Sunday, May 21, 2017

Nanoseconds that Matter

Take an arbitrarily short duration -- I'll speak of 'nanoseconds' for familiarity and convenience, but you could use an even smaller measure of time.  Could removing a mere (arbitrary) nanosecond from your life plausibly make your life any worse on the whole?  You might think not, on the basis that "surely nothing of any significance could occur during such a short time."  On the other hand, if you remove all the nanoseconds then we have no life left at all, which is certainly a significant difference.  Is it coherent to think that many individually worthless moments might collectively have value?

I have my doubts, and have previously suggested that such putatively vague goods (as a "sufficient duration to matter") are better understood as graded and/or involving threshold effects.  A friend suggested minuscule scales of time as a challenge to this view, but I think my approach still makes good sense of this case.  Here's how...

Some goods are extended in duration and plausibly independent / proportioned in value such that 1/n of the duration has 1/n of the value of the whole.  Hedonic pleasure is perhaps the paradigm example of this.  A tiny (but non-zero) period of pleasure can thus be expected to have a correspondingly tiny (but non-zero) value.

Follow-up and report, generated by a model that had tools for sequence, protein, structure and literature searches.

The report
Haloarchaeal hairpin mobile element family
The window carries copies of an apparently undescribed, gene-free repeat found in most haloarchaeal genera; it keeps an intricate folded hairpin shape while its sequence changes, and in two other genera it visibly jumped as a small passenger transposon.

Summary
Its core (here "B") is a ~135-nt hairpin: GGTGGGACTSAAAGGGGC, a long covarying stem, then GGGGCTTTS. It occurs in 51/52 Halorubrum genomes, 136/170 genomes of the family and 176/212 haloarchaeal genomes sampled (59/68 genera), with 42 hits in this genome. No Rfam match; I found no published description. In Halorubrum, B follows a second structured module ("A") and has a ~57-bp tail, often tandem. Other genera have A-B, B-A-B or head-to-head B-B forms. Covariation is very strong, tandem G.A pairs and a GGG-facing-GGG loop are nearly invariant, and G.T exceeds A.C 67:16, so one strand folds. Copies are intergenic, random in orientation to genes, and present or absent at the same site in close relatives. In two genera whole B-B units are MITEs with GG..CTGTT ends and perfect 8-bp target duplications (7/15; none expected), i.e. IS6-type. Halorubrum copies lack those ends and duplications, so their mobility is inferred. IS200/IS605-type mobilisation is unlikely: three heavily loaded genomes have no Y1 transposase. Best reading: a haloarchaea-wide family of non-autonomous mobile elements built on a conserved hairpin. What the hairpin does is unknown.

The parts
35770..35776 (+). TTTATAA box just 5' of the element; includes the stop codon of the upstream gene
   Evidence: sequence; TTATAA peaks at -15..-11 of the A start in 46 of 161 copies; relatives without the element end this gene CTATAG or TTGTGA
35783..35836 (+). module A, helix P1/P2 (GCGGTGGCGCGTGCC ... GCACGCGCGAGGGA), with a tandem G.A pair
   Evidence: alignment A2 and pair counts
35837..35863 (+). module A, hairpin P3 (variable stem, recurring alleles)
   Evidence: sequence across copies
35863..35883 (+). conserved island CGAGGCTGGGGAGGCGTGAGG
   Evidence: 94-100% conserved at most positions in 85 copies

Is that enough to refute the claim that no nanoseconds matter?  Well, one might push back against my counterexample by insisting that a mere nanosecond (or picosecond, or whatever) can make no difference to the actual amount of pleasure felt.  This claim might be defended in either of two ways:

(1) appeal to some kind of 'discernibility' criterion, such that if you cannot discriminate between an experience lasting an extra nanosecond and one without, then there is no difference in the felt, subjective experience. But this fails, because we know that indiscriminability is insufficient for phenomenal identity (since the former relation is intransitive and identity isn't).